In Hummingbird Technologies we have developed a tool with a consistent performance across all geographies and without dependencies from the weather conditions. The solution was using SAR. SAR is a completely different way to generate a picture by actively illuminating the ground using microwaves rather than utilizing the light from the sun as with optical images. Most importantly, SAR penetrates the clouds, it does not depend on weather conditions, it can even capture ‘’images’’ at night (Fig.2)[4]. Therefore, using SAR can make sure that we get data in a regular interval, thus creating a time-series that doesn’t require interpolation or any other tedious and error-prone processing for missing data.

Figure 2 compares the data availability of Sentinel 1 and Sentinel 2. Both Sentinel satellites have been launched from ESA and provide open-source Earth Observation data. The main difference between them is that Sentinel 1 is SAR when Sentinel 2 is optical and infrared. In Figure 2, each column represents a 10-day time period while each row represents one field. The colours quantify two agriculture-relevant data proxies, VH backscatter (in the case of Sentinel 1) and NDVI (in the case of Sentinel 2), while a cell is blank when the data are missing due to clouds. There are two conclusions from this figure. Firstly, Sentinel 2 data is missed over large periods of times, in some cases, months. Secondly, there seems to be a correlation between the proxies estimated from each of the instruments. The conclusion is that using SAR we can get meaningful data, additionally, at regular intervals.

The main reason for getting useful information from SAR is that backscatter is affected most by canopy structure and by other things like vegetation moisture content, wind altering the canopy structure, as well as the properties of the underlying soil [5]. Despite the steep learning curve of SAR, we strongly believe that it constitutes a valuable source of information, which can be much more extensively used in agriculture applications (current SAR applications include ship tracking, disaster detection and ice monitoring), especially ones that would benefit from undisturbed monitoring for large periods of time.

Before we move to a demonstration of this technology at a large scale we should give some practical information about the data used in this analysis. The source of SAR data was Sentinel-1, an ESA instrument which has operated since 2014 and generates open source SAR information in a six-day repeat cycle at the Equator and even more often in higher latitudes. Sentinel-1 GSD is 10 metres per ”pixel”, while pre-processing and denoising of the input was done using Snap open-source toolkit [6]. Figure 3 gives an artistic representation of Sentinel 1 monitoring Earth.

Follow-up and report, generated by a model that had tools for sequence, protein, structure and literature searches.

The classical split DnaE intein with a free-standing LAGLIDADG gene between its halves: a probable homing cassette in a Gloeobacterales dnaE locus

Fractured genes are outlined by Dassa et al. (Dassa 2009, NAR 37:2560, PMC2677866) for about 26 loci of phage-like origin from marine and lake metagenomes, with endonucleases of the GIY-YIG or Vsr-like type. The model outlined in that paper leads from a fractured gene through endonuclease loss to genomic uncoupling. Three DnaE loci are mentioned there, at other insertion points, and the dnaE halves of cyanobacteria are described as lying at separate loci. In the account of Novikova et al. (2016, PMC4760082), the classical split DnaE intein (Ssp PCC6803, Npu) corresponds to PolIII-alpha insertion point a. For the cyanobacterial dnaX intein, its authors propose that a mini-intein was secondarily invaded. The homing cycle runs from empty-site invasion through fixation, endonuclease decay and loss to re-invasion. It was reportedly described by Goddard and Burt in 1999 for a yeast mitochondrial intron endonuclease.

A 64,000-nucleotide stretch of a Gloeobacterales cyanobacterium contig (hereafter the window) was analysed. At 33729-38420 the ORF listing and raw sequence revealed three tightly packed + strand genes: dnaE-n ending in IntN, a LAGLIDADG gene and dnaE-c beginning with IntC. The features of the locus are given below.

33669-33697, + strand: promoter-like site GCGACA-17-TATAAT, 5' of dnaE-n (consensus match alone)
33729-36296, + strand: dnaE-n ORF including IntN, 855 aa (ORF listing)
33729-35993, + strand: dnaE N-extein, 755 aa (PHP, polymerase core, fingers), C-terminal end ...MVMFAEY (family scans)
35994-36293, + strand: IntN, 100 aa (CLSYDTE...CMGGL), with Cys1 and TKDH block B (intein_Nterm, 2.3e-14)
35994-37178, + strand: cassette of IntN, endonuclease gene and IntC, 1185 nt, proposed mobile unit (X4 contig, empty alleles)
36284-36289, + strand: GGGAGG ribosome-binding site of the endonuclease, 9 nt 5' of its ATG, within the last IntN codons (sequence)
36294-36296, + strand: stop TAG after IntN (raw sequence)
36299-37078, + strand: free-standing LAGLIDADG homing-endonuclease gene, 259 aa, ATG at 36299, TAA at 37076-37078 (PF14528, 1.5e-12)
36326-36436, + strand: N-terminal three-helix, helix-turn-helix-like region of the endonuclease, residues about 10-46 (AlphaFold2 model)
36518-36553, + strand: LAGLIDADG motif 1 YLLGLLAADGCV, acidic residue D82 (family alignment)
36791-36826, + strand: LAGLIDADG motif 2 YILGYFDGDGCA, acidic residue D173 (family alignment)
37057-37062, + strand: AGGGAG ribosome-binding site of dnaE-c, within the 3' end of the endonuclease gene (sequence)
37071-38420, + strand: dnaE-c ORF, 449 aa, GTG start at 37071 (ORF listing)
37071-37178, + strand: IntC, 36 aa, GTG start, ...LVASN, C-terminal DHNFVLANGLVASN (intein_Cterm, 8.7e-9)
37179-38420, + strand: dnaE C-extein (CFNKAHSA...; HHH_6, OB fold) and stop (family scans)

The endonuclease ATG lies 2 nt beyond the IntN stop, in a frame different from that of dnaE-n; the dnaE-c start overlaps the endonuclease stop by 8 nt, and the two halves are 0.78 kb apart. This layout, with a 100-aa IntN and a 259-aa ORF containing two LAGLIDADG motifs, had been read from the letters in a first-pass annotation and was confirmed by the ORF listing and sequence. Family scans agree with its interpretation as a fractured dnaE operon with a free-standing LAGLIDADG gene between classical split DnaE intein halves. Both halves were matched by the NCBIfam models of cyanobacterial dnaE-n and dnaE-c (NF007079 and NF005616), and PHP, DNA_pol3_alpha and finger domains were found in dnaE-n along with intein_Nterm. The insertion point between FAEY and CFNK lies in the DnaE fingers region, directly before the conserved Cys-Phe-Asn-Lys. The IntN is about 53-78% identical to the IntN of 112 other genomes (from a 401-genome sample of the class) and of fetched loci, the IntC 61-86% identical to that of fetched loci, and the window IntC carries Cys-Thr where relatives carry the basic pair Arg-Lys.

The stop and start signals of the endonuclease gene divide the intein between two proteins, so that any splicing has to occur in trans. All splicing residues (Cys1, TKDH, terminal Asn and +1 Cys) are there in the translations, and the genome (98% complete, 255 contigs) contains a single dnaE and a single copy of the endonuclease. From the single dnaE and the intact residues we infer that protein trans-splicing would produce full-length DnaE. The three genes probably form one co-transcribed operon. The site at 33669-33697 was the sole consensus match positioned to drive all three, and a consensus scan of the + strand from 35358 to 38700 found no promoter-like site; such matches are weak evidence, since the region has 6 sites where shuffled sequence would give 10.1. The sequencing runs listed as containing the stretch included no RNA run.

Figure 1: Canadian Aerial View — Copyright © Google Maps

Case Study: Canada

Area of interest and main crops

A pilot study area was selected in the Canadian region of prairies (Fig.4). This is the main agricultural region of Canada, including more than 90% of the total Canadian arable lands, and having a total area of approximately 437 thousand square kilometres. The main crops of Canada are cereals, grasslands, oilseeds, corn (maize) and pulses (e.g. peas, lentils, beans)[7]. The growing season is relatively short, lasting from May to September (Fig.5). This imposes an additional challenge on an automated crop type classification solution by limiting the number of available data points for each field. On the other hand, usually, one crop is grown in each field, hence, there is no need to differentiate between crops growing in the same field.

Ground-Truth Labels

Similar to other countries across the globe Canada keeps an inventory covering all major crops on a per-field basis. This archive is updated six months after the end of every season and is released from Agriculture and Agri-Food Canada as a map with a spatial resolution of 30m. More information for Canada’s Annual Crop Inventory can be found in the following links [8][9].

To train, as well as validate and test, our solution, we have downloaded 60,000 field boundaries and crop types for the seasons between 2017 and 2019. The number of fields was selected to generate a dataset with a large number of samples for each one of the main crop types. Moreover, in order to avoid overfitting to the (meteorological, agronomical, etc.) conditions of a specific region in Canada the samples were randomly selected from the whole examined area.